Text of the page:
Chapter

The Rules of Trial, Political Morality, and the Costs of Error: Or, Is Proof Beyond a Reasonable Doubt Doing More Harm than Good?

Larry Laudan

in Oxford Studies in Philosophy of Law

Published in print June 2011 | ISBN: 9780199606443
Published online September 2011 | e-ISBN: 9780191729683 | DOI: http://dx.doi.org/10.1093/acprof:oso/9780199606443.003.0006

Series: Oxford Studies in Philosophy of Law

The Rules of Trial, Political Morality, and the Costs of Error: Or, Is Proof Beyond a Reasonable Doubt Doing More Harm than Good?

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This chapter explores the thesis that the use of the standard of proof beyond a reasonable doubt for trying those accused of violent crimes — especially if such defendants already have a history of serial offending — is an inappropriately exacting standard. The reason, in brief, is that such a standard fails to reckon with the very high costs and risks imposed on innocent citizens by the non‐conviction and release of falsely acquitted, serial felons. It argues further that those who hold that political morality demands that no defendant should ever be judged by a standard less rigorous than proof beyond reasonable doubt fail to grasp that the function of a standard of proof is to embody our best guesses about the respective costs of error. It goes on to show that familiar deontological theories utterly lack the conceptual resources for non‐arbitrarily defining any standard of proof, since such theories fail to comes to terms with the problems posed by factoring the risks of error into decisions about which actions are justified and which are not.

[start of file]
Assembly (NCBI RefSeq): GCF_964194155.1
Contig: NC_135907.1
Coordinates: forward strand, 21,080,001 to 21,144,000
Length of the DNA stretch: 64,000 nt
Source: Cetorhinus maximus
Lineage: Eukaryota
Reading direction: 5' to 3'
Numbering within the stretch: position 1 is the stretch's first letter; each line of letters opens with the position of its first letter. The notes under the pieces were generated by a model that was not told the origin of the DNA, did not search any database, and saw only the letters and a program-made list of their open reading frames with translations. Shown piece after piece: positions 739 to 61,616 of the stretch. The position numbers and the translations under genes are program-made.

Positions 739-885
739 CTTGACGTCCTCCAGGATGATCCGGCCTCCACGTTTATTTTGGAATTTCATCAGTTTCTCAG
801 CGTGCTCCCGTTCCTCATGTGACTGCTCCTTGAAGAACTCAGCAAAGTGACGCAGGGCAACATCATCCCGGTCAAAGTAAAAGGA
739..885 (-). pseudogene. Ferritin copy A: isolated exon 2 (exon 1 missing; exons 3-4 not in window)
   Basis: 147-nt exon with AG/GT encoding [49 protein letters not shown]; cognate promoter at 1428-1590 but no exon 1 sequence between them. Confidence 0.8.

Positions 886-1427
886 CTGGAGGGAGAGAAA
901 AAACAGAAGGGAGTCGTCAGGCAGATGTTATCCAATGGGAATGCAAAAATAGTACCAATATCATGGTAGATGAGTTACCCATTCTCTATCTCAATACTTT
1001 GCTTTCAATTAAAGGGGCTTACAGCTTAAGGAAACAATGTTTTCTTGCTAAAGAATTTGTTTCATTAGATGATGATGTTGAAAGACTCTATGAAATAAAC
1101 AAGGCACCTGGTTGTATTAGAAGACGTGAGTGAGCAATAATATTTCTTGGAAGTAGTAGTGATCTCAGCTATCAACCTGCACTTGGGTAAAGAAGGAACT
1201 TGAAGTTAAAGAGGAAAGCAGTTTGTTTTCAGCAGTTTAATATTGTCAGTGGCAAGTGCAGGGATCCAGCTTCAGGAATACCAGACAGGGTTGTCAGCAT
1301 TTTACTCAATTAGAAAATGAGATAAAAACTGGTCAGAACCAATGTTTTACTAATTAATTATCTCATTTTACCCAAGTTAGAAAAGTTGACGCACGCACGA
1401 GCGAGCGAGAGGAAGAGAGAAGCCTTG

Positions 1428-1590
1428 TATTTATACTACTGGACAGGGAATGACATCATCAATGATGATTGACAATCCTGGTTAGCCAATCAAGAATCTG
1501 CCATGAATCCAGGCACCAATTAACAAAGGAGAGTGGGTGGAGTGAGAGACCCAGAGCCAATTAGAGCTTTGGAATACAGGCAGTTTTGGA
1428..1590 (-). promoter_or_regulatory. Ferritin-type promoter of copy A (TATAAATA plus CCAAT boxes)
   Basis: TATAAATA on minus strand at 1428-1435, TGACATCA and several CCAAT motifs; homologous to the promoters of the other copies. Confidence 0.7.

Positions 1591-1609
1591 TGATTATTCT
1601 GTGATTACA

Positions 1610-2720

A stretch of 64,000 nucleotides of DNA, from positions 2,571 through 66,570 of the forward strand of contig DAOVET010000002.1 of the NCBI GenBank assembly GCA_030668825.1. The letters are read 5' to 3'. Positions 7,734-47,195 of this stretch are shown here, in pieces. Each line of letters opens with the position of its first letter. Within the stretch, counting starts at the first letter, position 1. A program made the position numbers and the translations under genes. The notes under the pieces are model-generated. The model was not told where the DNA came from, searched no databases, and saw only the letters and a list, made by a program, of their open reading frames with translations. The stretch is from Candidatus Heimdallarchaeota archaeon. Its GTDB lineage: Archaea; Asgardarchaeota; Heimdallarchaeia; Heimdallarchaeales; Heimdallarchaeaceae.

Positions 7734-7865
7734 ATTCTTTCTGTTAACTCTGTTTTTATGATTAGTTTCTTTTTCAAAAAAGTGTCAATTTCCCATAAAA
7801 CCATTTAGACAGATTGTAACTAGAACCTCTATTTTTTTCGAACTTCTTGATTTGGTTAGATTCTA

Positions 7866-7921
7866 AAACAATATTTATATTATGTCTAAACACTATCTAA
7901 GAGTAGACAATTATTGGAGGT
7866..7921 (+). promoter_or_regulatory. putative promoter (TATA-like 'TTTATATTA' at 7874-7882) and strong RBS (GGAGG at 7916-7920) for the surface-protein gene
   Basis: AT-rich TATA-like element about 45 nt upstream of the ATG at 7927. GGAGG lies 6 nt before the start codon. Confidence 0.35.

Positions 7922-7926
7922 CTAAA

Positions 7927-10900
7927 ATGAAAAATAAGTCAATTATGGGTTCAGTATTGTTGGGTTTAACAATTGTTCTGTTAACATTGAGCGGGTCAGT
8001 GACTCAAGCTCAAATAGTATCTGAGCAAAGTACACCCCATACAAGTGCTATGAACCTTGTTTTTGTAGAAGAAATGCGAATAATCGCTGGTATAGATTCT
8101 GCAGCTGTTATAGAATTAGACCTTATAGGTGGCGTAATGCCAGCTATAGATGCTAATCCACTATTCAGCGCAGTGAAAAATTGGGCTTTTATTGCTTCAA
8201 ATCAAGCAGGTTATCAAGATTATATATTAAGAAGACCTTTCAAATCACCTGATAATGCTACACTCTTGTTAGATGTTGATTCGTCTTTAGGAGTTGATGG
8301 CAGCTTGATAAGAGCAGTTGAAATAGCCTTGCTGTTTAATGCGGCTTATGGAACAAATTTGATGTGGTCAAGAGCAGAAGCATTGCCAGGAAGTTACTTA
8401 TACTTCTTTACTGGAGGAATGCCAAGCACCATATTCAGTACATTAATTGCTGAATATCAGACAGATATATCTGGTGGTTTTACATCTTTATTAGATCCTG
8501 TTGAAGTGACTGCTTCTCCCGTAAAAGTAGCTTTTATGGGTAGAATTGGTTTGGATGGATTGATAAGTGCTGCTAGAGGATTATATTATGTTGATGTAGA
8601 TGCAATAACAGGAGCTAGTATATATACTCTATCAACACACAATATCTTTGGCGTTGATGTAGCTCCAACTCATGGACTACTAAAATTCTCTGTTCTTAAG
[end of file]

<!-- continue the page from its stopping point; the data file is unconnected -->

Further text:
Keywords: reasonable doubt; false convictions; false acquittals; social contract; risk of error; standard of proof; serial criminals

Chapter.  13976 words. 

Subjects: Moral Philosophy

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